Once encircled the forward momentum of the Romans faltered and they became so tightly packed that they could hardly swing their swords. A group of around 10,000 Romans were able to push through and escape, likely by exploiting a gap between the different Carthaginian units. The rest of the Romans were completely trapped and the battle turned into a slaughter. As many as 70,000 Romans were killed including Aemilius Paullus, over 80 men of senatorial rank or higher and a previous Consul. Varro returned to Rome in shame but was actually applauded on his return for not fleeing from Rome.
The aftermath of Cannae was almost as impactful as the actual battle. Countless southern Italian cities defected to Hannibal and the Romans were in such a panic that they reverted to human sacrifice to appease the gods. The immediate survivors gathered in small villages and debated leaving to sell their services overseas. At this point the young Scipio, later known as Scipio Africanus, reaffirmed his and everyone else’s commitment to Rome.
Hannibal seems to have had a clear path to march on Rome, but his victorious army was not without damage. A battle that large took a huge toll, with about 8,000 casualties but even the psychological wounds would play a factor here. Livy describes a scene while Carthaginians were looking for survivors. A living Numidian soldier was found pinned down by a dead Roman. The Numidian had severe lacerations on his face and nose. As the Roman was dying he lashed out with his hands and teeth to do as much damage as he could.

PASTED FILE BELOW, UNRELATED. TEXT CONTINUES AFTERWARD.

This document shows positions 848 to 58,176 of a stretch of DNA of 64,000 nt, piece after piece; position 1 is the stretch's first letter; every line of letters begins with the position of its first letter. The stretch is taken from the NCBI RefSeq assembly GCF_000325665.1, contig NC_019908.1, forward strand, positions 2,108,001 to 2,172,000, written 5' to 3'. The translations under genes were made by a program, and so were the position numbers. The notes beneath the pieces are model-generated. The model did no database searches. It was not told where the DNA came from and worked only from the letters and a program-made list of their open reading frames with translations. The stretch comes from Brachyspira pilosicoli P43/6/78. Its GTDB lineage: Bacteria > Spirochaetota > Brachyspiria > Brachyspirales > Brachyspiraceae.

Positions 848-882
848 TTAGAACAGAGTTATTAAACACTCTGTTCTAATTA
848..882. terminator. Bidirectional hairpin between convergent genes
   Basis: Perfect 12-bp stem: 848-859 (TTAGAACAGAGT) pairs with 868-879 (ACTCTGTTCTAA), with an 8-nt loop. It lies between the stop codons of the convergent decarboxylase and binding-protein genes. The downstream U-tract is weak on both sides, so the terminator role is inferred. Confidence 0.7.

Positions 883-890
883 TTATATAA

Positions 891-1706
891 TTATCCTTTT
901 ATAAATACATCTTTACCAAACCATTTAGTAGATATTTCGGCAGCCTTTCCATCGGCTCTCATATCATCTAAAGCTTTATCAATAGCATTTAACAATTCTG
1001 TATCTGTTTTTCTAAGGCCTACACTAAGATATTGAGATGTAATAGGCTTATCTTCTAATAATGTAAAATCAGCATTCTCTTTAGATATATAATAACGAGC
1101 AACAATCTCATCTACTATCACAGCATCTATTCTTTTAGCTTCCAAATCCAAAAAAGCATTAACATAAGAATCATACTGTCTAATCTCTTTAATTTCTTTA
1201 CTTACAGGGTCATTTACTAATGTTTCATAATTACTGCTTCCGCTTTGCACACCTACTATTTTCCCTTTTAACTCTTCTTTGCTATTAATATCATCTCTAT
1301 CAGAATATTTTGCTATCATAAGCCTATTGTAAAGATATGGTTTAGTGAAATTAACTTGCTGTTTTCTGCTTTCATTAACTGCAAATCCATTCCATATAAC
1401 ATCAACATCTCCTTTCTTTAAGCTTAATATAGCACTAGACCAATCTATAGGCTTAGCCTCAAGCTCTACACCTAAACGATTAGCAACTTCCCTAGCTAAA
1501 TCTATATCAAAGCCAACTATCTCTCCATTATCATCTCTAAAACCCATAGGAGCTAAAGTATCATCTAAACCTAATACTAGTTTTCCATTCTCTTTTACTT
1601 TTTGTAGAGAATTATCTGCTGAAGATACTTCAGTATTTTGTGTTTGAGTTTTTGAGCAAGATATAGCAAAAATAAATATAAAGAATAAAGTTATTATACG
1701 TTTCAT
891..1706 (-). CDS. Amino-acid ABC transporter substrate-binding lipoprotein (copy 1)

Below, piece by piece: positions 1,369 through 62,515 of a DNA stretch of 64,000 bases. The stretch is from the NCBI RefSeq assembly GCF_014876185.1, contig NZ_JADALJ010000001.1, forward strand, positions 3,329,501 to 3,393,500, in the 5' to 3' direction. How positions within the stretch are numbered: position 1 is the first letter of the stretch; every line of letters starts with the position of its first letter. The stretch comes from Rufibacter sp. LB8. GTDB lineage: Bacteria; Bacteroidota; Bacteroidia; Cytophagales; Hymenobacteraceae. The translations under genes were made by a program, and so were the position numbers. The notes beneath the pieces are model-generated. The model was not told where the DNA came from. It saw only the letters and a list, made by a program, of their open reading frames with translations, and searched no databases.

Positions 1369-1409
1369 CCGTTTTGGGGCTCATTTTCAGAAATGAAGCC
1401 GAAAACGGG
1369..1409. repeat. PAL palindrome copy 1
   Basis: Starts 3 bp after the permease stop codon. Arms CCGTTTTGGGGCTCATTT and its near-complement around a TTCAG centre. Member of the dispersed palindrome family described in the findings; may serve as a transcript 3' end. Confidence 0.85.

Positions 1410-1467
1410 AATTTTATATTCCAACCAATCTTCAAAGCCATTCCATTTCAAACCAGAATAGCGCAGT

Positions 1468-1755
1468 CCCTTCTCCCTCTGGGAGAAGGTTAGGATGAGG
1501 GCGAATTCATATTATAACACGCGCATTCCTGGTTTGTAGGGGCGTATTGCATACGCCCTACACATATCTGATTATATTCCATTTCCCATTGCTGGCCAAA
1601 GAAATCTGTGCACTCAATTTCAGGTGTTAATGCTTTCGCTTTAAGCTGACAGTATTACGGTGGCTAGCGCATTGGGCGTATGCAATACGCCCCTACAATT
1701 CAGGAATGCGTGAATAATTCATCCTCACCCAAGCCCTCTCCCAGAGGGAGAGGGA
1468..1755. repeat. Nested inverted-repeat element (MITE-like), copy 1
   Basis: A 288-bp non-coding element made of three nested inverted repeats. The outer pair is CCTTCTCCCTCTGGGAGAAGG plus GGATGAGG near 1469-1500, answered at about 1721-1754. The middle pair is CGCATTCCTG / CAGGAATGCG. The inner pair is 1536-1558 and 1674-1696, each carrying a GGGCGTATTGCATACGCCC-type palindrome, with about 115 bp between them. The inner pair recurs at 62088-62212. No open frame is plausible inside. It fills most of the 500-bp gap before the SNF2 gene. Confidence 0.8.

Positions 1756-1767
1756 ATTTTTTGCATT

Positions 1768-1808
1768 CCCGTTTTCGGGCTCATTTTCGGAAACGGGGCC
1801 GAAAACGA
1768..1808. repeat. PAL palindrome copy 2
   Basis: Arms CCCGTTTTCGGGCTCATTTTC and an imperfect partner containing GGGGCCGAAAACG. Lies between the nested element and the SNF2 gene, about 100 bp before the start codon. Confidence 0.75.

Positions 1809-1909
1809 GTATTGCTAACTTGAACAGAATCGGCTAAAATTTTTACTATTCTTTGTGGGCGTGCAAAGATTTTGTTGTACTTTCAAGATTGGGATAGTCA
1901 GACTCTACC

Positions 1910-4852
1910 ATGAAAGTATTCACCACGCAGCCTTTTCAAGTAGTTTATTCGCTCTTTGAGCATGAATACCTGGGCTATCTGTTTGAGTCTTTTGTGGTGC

The Battle of Cannae was a brutal struggle and one of the largest melee focused battles in history with no archers and few skirmishers most of the fighting was decided on a hand to hand basis. Though there were other disastrous defeats for Rome; they lost Germany after the Battle of Teutoburg forest, Adrianople saw an emperor fall for the first time but when looking at the battle itself, none was a worse defeat than that suffered at Cannae. The second Punic War was a monumental conflict for Rome and the way they refused to quit and bounced back after suffering a string of horrendous losses to eventually win the war was a testament to their strong character. This fight to the death personality combined with the experience gained through the war allowed the Republic to go on to become a Mediterranean superpower.
By William McLaughlin for War History Online